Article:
Education is paramount, and from an early age. The success of Copenhagen’s transformation to a smart city is partly hinged on its citizens' early years education on cycling. The evidence suggests such shared knowledge makes the transition away from congested and contaminated streets that much easier.

Bringing seemingly disparate areas like energy infrastructure upgrades, neighbourhood-level social mobility data and early years education together into a coherent strategy is the natural role of local government.

To be sure, local government is currently woefully underfunded for this task, but that does not mean the responsibility is going away. Calls for councils to put the pedal to the metal on the EV rollout are welcome, but they must come alongside calls for greater funding and a more devolved regulatory framework which recognises the complex and multifaceted role local authorities must play.

Joe Fyans is head of research at Localis.

Latest Issue

latest magazine issue

Inside

  • Smart motorways' BCR problem
  • New lighting decision support tool

 

 

View the latest issue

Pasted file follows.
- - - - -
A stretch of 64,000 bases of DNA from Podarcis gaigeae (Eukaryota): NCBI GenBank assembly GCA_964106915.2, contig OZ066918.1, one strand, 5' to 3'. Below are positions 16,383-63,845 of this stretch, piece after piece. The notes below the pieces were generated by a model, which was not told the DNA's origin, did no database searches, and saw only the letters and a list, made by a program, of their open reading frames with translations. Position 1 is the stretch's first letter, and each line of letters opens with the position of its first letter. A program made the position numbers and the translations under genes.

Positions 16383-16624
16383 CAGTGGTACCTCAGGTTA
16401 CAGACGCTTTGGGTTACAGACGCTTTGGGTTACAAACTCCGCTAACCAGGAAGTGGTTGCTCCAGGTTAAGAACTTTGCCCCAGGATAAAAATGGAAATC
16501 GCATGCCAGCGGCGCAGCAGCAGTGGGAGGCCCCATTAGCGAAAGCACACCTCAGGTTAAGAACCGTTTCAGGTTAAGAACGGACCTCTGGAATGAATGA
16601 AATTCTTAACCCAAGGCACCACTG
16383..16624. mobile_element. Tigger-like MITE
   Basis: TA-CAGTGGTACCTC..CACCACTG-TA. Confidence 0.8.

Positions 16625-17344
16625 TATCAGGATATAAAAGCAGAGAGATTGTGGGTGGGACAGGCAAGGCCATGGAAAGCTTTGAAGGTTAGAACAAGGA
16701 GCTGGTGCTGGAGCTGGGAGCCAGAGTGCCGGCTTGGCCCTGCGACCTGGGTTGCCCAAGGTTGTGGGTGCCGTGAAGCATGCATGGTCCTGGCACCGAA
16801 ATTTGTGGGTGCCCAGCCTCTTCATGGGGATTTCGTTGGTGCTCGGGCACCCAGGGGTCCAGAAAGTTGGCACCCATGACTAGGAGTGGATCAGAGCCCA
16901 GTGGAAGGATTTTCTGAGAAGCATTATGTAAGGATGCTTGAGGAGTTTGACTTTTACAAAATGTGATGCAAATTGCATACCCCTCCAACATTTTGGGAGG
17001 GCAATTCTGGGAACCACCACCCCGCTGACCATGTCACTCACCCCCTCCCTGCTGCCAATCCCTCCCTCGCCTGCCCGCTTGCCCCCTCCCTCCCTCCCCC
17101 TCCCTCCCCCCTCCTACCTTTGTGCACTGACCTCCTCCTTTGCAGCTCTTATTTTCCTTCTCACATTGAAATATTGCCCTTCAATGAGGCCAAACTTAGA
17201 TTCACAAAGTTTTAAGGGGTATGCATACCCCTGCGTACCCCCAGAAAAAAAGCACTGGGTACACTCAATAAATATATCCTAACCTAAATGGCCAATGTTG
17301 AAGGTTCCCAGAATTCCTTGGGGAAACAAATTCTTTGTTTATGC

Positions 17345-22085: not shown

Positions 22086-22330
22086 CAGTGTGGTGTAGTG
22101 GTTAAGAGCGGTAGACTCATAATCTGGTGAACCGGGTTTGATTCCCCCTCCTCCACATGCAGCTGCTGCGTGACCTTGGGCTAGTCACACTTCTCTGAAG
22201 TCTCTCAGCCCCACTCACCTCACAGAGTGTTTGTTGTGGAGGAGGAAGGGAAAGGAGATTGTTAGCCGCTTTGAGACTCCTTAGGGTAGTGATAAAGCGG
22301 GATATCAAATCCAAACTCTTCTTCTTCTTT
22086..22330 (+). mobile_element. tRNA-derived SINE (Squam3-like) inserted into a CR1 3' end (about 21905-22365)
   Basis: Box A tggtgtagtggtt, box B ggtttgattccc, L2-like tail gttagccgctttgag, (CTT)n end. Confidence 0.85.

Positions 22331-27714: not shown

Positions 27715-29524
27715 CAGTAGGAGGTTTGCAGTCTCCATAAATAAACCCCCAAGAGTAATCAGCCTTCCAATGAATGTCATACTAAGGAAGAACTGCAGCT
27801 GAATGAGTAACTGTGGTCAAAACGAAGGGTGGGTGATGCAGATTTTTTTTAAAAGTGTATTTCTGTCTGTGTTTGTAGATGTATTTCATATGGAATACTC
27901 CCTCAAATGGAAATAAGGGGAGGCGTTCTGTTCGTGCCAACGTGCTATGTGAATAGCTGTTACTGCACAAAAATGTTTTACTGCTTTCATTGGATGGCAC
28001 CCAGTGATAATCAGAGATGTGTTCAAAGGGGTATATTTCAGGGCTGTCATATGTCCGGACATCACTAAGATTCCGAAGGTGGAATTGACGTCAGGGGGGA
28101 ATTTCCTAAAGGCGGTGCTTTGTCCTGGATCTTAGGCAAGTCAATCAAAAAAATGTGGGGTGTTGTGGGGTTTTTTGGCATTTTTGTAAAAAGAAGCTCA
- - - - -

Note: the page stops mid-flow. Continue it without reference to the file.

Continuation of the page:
Highways jobs

Senior Project Manager

Up to £50,823 per annum
The role of this post is to oversee the project management, development and implementation of the County Council’s Major Transport Projects.. Leicestershire
Recruiter: Leicestershire County Council

Programme and Change Delivery Manager (Spatial Planning and Urban Design)

£43,833 - £53,115 Depending on skills and experience
Are you a change delivery manager with expertise in England’s local government spatial planning and urban design sector? Wandsworth, London (Greater)
Recruiter: London Borough of Richmond upon Thames and London Borough of Wandsworth

Bridges Manager – Highways and Transportation

£49,320 to £57,376
You will be responsible for... Northallerton, North Yorkshire
Recruiter: North Yorkshire County Council

Head of Major Projects and Infrastructure – Highways and Transportation